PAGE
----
We provide education in two distinct but interconnected streams: Studio Art (STDA) and the History of Art and Visual Culture (HAVC). Our professors are exhibiting artists and published scholars who have mastered a wide array of media and topics, and are fluent in emerging discourses. Add to that a vibrant roster of internationally exhibiting artists who come through Rodman Hall Art Centre, the University’s art gallery, and you have a well-rounded, exciting education in Visual Art. Want to show your work, curate a show, or participate in a festival? How about giving a lecture on your research, or travelling to see art in Italy or Greece? All is possible within a degree program in the Department of Visual Arts.
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The video follows a girl named Aiko who is vlogging as she reaches the summit of a great mountain in order to capture the view for her audience. She takes a shot but feels unsatisfied with how mundane it appeared in her video camera. Aiko looks out into the mountains again, this time with her own two eyes instead of through a lens and sees that it is so much more beautiful in reality. Thus, she takes out her Polaroid and snaps a single picture to remember her trip by. That photo then splits open into many other pictures of trees and animals and mountains, showing all the images that come together to make the scenery.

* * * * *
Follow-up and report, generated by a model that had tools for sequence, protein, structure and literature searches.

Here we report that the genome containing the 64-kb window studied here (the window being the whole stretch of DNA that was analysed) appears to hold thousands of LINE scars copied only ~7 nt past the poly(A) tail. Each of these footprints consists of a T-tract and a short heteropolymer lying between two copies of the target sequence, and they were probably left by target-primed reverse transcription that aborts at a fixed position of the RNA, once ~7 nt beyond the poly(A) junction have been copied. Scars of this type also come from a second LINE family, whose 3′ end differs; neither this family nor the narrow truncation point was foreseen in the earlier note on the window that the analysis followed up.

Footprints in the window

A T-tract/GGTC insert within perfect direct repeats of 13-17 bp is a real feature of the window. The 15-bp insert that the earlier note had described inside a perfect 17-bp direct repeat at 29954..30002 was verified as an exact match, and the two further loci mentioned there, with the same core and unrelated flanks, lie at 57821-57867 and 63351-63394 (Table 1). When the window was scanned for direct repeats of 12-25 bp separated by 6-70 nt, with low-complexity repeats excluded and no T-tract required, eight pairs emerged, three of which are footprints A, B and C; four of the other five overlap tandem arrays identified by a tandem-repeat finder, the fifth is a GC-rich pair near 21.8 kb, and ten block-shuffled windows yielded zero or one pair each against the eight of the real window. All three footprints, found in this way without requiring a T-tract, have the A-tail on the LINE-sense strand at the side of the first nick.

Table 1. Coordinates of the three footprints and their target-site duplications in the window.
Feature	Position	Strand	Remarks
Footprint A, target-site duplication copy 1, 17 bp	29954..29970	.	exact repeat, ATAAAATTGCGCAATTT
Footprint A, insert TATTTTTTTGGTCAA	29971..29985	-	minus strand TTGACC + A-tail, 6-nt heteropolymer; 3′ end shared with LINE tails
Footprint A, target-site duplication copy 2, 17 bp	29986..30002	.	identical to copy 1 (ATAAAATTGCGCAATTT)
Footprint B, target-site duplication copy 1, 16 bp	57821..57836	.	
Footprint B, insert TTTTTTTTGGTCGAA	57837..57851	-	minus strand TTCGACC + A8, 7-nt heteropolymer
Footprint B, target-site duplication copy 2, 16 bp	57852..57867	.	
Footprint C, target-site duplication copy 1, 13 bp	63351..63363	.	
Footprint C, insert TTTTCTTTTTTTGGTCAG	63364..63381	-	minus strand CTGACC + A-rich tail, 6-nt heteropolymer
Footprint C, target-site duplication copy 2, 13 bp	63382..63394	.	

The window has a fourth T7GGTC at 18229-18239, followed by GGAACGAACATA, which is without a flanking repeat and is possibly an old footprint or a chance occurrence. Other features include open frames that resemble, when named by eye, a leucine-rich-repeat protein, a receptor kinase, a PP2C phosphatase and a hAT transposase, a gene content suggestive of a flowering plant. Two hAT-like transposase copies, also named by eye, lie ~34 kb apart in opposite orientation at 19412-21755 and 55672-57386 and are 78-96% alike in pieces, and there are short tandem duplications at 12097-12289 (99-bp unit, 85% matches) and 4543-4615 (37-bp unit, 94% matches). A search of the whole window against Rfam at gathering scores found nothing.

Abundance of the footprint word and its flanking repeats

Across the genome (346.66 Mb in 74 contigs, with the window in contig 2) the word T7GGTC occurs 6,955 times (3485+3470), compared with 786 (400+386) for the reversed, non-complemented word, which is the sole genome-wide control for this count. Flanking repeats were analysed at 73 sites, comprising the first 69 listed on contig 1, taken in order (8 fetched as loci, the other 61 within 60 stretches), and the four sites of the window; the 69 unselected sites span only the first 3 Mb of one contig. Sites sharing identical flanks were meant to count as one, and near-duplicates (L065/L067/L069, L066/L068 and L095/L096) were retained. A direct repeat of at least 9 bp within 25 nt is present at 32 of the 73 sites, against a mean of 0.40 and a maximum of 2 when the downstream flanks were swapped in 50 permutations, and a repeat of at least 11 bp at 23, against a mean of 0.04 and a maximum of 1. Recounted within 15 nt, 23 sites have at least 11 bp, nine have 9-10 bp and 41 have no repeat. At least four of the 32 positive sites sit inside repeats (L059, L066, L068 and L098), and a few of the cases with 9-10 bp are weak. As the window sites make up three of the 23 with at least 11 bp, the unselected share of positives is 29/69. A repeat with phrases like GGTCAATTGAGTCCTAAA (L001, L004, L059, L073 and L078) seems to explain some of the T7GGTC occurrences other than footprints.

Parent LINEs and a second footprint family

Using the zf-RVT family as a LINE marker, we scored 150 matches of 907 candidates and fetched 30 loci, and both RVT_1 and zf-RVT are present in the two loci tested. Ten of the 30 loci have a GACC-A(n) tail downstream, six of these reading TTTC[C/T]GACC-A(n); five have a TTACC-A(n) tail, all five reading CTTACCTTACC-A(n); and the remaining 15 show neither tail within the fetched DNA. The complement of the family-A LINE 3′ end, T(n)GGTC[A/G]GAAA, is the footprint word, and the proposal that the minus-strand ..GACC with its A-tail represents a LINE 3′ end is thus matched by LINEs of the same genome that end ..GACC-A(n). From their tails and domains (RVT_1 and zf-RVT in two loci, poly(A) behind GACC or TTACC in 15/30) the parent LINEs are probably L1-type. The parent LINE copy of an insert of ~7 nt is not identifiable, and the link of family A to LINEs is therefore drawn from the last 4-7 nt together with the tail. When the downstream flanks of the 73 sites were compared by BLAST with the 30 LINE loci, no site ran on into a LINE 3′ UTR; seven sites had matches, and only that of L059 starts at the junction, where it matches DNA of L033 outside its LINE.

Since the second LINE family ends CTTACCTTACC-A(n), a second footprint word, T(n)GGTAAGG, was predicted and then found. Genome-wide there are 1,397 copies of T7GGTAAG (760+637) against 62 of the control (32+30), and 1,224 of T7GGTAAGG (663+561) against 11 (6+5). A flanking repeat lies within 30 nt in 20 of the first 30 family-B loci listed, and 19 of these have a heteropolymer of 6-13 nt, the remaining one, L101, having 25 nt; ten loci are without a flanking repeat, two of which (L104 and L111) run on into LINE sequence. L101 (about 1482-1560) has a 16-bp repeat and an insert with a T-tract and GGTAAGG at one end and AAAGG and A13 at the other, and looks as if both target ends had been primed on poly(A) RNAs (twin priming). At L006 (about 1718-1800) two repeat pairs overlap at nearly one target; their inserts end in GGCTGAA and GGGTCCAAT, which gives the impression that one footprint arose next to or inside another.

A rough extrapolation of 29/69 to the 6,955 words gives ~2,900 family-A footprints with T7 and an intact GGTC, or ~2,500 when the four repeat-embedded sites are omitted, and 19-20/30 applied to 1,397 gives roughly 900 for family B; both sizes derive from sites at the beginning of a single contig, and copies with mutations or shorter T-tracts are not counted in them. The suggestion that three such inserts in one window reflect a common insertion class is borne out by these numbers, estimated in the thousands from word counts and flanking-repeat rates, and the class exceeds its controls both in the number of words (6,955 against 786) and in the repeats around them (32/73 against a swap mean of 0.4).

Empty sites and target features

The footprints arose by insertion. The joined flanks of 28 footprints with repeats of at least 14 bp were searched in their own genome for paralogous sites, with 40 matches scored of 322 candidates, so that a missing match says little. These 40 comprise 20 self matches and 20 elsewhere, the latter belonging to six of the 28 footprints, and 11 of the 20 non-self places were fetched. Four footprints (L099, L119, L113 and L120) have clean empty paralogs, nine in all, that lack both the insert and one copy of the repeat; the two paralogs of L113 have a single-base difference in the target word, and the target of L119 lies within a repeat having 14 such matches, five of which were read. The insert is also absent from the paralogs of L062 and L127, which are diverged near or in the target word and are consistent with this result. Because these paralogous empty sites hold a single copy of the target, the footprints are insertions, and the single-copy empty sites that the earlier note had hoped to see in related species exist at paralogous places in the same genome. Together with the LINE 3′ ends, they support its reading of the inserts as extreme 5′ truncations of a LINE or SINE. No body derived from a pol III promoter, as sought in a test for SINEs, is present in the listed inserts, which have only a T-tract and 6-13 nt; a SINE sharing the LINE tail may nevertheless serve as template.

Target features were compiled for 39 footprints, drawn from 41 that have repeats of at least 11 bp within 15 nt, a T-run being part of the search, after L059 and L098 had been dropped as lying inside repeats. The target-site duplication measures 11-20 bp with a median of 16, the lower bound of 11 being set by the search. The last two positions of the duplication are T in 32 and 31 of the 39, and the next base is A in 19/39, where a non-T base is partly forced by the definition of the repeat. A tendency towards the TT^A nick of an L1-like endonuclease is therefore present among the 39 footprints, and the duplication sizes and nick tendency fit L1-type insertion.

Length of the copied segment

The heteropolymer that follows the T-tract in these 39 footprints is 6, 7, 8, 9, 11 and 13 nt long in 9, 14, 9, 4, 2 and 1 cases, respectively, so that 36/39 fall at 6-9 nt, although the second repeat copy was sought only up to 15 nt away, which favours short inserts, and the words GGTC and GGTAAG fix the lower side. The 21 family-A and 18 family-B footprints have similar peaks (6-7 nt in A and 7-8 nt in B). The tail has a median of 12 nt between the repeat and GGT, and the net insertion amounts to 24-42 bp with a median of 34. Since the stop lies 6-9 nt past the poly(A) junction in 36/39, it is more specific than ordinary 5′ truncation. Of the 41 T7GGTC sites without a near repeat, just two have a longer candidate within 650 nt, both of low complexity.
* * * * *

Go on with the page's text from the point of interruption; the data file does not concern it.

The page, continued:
I also took inspiration from a Taylor Swift lyric in the song Out of the Woods: “You took a Polaroid of us/Then discovered/The rest of the world was black and white/But we were in screaming color”. However, I reversed the lyrics and made it so that Aiko was in black-and-white whereas the world was in “screaming color,” as she was vanishing into the grey area between photographic still images, cinematic moving images, and real life.
As well, for the sound, I wanted to keep it very simplistic and have only important sound effects (eg. whoosh, camera shutter). This video is meant to be easy to watch (which is why it’s rather short) but takes a while to understand, so I kept it very simple for the art and sound design.
A photograph often captures a fraction of a second while video is able to capture a much broader range of time. As such, I thought it would be interesting to explore the passage of time through video as a way to look at the relationship between photography, video and everything in between. In this piece, I try to explore that relationship through slow, eerie motion, the use of the use of ever-changing depth of field and a slow building tension through non-diegetic sounds that are traditionally associated with the passage of time.